Tech's not just for boys: Microsoft's DigiGirlz expands career perceptions

DigiGirlz is designed to inspire female students to consider a job related to science, technology, engineering and mathematics (STEM).

DigiGirlz is designed to inspire female students to consider a job related to science, technology, engineering and mathematics (STEM).

Getting more girls to participate in technology is one of the challenges in an increasingly digital world.

DigiGirlz, organised by Microsoft in partnership with Auckland University of Technology on May 19, has addressed the problem by expanding the definition of tech.

“The whole premise behind the event is to highlight to the girls that there are so many different careers in technology,” said Sarah Bowden, Microsoft New Zealand’s Small, Medium and Corporate Business Lead.

“It’s not just about coding and robotics. Every career they choose will fundamentally have technology underpinning it.”

A common response from girls when asked about technology is that “it’s a boys’ thing”, Bowden said.

“What we’re trying to encourage is a change in that perception, so girls feel comfortable that technology is something they should be pursuing.”

The gender imbalance has been highlighted by Broadcasting, Communications and Digital Media Minister Clare Curran, who notes that just 23% of employees in New Zealand’s technology sector are women.

“It needs to be much higher,” she said in a speech in Wellington on May 21 at ShadowTech, which pairs girls for a day with women working in IT and in which Microsoft participated.

DigiGirlz is designed to inspire female students to consider a job related to science, technology, engineering and mathematics (STEM).

Around 70 school pupils attended the Auckland event, which included speakers in what might not be considered conventional tech jobs.

Politics graduate Rachael Crosby is a digital strategist with creative digital marketing agency YoungShand, solving clients’ business problems using digital channels.

Her decision to pursue a tech-based career came as she did research for her master’s degree at the University of Auckland.

Her thesis compared the social media use by the two main contenders for an electorate seat in the 2011 general election.

That year, Jacinda Ardern – who became Prime Minister after the September 2017 election – was Labour’s candidate against National’s Nikki Kaye in Auckland Central.

“I chose them because they were both young women and were both starting to use social media,” Crosby said.

“You fast-track to now and you see Labour press conferences live on Facebook, which we would never have imagined a few years ago.”

Her research made her realize: “I really love the whole social media business side of things.”

Crosby is encouraging girls to consider a tech future of their own and her advice is to embrace change, believe that nothing is impossible, and have a focus.

“You don’t have to be good at everything – I tried coding a couple of times and I’m useless at it,” she said.

“You just have to focus on what really gets you going and use that to go forward.”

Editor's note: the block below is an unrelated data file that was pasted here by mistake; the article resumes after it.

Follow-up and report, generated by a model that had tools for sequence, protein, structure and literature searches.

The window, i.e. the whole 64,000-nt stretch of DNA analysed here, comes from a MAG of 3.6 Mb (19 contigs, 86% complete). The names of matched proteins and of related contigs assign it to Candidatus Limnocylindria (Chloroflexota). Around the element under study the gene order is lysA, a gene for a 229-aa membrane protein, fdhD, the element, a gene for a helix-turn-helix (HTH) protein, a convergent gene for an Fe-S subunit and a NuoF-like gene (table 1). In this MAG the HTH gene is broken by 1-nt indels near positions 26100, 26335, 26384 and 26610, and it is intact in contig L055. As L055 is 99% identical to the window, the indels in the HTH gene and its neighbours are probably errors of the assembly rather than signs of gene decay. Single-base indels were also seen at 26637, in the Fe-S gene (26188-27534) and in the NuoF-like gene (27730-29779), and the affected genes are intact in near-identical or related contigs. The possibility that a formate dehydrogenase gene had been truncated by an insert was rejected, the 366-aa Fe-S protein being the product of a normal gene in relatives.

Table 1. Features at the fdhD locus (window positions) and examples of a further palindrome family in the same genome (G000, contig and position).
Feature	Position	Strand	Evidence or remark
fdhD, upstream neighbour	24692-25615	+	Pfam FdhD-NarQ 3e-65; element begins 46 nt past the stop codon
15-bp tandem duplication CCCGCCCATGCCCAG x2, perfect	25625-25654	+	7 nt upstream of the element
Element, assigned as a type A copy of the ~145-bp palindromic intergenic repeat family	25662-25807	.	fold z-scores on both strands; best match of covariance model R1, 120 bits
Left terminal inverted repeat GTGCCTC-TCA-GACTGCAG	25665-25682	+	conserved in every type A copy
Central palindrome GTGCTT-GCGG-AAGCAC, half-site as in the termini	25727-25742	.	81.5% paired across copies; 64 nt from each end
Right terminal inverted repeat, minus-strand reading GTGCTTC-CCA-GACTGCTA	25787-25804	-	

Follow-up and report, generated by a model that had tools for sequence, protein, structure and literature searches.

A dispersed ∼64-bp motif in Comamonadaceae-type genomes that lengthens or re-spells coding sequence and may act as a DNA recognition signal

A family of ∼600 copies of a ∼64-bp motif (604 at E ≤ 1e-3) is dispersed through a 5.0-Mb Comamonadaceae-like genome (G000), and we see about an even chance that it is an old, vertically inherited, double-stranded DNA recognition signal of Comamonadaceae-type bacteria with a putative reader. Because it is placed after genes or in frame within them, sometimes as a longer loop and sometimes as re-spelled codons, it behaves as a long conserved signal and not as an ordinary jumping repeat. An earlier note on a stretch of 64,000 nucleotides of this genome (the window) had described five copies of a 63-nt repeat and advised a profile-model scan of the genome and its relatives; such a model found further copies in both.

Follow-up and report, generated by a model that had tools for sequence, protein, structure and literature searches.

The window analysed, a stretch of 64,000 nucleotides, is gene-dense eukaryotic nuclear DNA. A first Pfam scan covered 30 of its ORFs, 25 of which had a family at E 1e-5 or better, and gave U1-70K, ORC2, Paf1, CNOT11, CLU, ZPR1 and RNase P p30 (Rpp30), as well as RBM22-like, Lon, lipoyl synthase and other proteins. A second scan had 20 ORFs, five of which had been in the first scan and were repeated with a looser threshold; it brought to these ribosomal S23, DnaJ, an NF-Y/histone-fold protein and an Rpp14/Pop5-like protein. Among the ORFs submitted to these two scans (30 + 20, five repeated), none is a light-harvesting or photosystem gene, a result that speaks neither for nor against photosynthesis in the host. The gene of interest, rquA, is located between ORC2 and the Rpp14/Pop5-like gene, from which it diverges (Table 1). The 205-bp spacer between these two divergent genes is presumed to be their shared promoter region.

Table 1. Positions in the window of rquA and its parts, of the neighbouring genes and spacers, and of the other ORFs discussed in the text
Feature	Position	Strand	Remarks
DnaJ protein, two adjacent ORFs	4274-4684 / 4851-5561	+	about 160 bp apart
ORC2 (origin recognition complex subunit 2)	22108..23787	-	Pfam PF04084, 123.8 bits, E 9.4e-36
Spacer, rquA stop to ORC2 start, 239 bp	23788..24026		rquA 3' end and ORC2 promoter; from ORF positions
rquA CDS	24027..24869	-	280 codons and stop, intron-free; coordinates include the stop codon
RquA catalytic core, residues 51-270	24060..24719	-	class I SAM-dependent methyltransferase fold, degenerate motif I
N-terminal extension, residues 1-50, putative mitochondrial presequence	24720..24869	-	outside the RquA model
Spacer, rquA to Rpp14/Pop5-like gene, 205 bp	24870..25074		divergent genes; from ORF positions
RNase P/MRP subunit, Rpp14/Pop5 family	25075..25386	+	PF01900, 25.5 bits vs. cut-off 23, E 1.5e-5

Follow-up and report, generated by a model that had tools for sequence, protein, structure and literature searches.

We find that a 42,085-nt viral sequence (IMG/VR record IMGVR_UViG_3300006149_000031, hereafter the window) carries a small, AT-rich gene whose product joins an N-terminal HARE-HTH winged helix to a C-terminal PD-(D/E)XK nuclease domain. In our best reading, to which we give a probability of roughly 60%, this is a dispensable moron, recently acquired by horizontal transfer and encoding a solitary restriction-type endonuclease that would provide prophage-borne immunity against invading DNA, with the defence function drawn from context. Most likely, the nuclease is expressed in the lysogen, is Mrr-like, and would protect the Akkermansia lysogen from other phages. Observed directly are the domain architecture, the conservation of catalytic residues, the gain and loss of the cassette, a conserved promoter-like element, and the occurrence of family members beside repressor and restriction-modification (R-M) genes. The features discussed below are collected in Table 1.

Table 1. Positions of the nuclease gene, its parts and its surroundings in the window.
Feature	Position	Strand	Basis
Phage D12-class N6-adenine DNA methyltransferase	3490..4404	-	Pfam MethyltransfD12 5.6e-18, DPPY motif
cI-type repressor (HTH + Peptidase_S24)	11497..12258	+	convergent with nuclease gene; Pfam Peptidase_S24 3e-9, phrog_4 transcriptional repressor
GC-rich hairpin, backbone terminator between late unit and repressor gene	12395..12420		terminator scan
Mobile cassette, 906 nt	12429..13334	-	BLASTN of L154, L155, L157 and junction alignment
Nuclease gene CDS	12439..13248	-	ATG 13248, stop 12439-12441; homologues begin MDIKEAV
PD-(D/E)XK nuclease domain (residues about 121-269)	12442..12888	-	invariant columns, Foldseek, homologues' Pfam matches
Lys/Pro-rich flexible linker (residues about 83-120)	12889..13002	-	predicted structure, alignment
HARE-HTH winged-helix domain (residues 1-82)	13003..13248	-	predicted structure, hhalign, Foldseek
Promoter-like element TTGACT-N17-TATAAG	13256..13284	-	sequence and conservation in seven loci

Elise Beavis has managed to take what gets her going – sailing – and fulfil her dream of working for America’s Cup syndicate Emirates Team New Zealand.

“I thought it would be maybe down the track, when I’m in my thirties or forties, that I’d finally get there,” the 23-year-old University of Auckland engineering graduate said.

A specialist in computational fluid dynamics, she joined ETNZ on an internship and stayed on as the syndicate prepared to challenge for the America’s Cup in Bermuda in June 2017.

ETNZ went on to claim yachting’s biggest prize and Beavis has since helped in designing the new class of boat for the next cup regatta in Auckland in 2021.

Her advice to girls is to be aware that technology is a big part of the present and will only become bigger.

As well as role models, DigiGirlz included hands-on activities, with the participants getting experience of the Microsoft HoloLens and of robotics.

Yuvika Sharma, a year-seven pupil at Ormiston Junior College, was pleasantly surprised when she did some coding to get a model car to go around a track.

“Before coming here, I used to think robotics was boring and it just irritated me because I didn’t know how to do it properly,” she said.

“I found out how you actually do it and it got better and better each time. I’m looking forward to doing more robotics.”

The message that so many jobs are underpinned by technology struck home with Yuvika, and also Jade Nomani, a year-eight student at St Kentigerns Girls’ School.

“I really thought tech was pretty boring to be honest” Jade said.
“I really had no idea it impacted different areas, like filming, photography, fashion.”

Hearing from the event’s speakers has encouraged her to consider going down the tech track.

“They’re women and I thought: if they can achieve what they’ve achieved, I can go out there and do it.”

DigiGirlz will be repeated in Wellington on June 27 in partnership with Transpower, adding to the programme’s impact across New Zealand.

© AFP-SERVICES

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